11. #11
    Redwood Dancer
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    Well I can sum up why I'm currently running the Fox Talas 130mm on my Nomad: I don't have the money for a six inch fork right now, so I run it as a cross country rig, mostly doing moderate stunts and ST. A Blur is a fine bike but has no downhill potential.

    I love the fact that so many folks are doing different setups on their Nomads: cafe-cruzin', xc, freeride, even downhill. It's kind of like a 'pound puppy' you bring home and find out your new dog's a good retriever, guard-dog and a lapdog to boot --- plus he loves to run with the big dogs
    RAIL OR F*!%#!*^G BAIL

  12. #12
    Dirt Displacer
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    Quote Originally Posted by TNC
    I think one perception about the Nomad that is changing is what kind of bike the Nomad was going to be when we first started seeing and hearing about them. I think they're burlier, bigger hit bikes than we first thought they'd be.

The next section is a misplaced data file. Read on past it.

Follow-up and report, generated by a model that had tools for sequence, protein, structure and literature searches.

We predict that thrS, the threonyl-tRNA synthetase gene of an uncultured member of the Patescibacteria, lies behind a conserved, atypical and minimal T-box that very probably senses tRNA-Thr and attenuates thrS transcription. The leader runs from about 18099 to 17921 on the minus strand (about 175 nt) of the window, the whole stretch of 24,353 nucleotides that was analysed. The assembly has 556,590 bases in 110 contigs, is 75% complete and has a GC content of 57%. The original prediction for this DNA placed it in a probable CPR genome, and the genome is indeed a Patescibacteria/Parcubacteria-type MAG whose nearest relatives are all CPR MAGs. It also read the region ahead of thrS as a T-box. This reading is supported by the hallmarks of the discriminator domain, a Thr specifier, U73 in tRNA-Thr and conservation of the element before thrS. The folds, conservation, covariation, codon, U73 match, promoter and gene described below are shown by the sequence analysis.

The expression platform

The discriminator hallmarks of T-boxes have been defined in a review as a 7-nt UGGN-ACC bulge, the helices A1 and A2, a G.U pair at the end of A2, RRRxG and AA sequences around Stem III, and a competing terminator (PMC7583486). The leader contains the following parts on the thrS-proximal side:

I agree with that totally.

    At first I was very leery of running a fork above 160mm, or loading the bike down with chainguides, serious brakes, or heavy wheelsets..... Even after reading SC's allowable fork specs. Just seeing pictures of the bike, and reading a straight geometery stat-sheet lead me to believe that any build on the far side of all-mountain would compromise the bike's handling somewhat.
    But once I got the frame in my hands, and upon close inspection, I knew that it could handle a lot more than what the magazines and SC would let on.
    This impression was further strengthened once I saw guys on here loading their Nomad's for bear..... which eased my apprehension greatly, for I fully intended on loading it with the longest travel (within reason) fork, the most powerful brakes, and the heaviest-duty parts I could afford.
    But at the same time, I would've been just as comfortable running a travel-adjustable XC fork, drivetrain, and wheelset.
    If I had ended up with a 150mm or less fork, I believe that the bike's versatility would've kept things enjoyable, but personally, I'd always wonder.....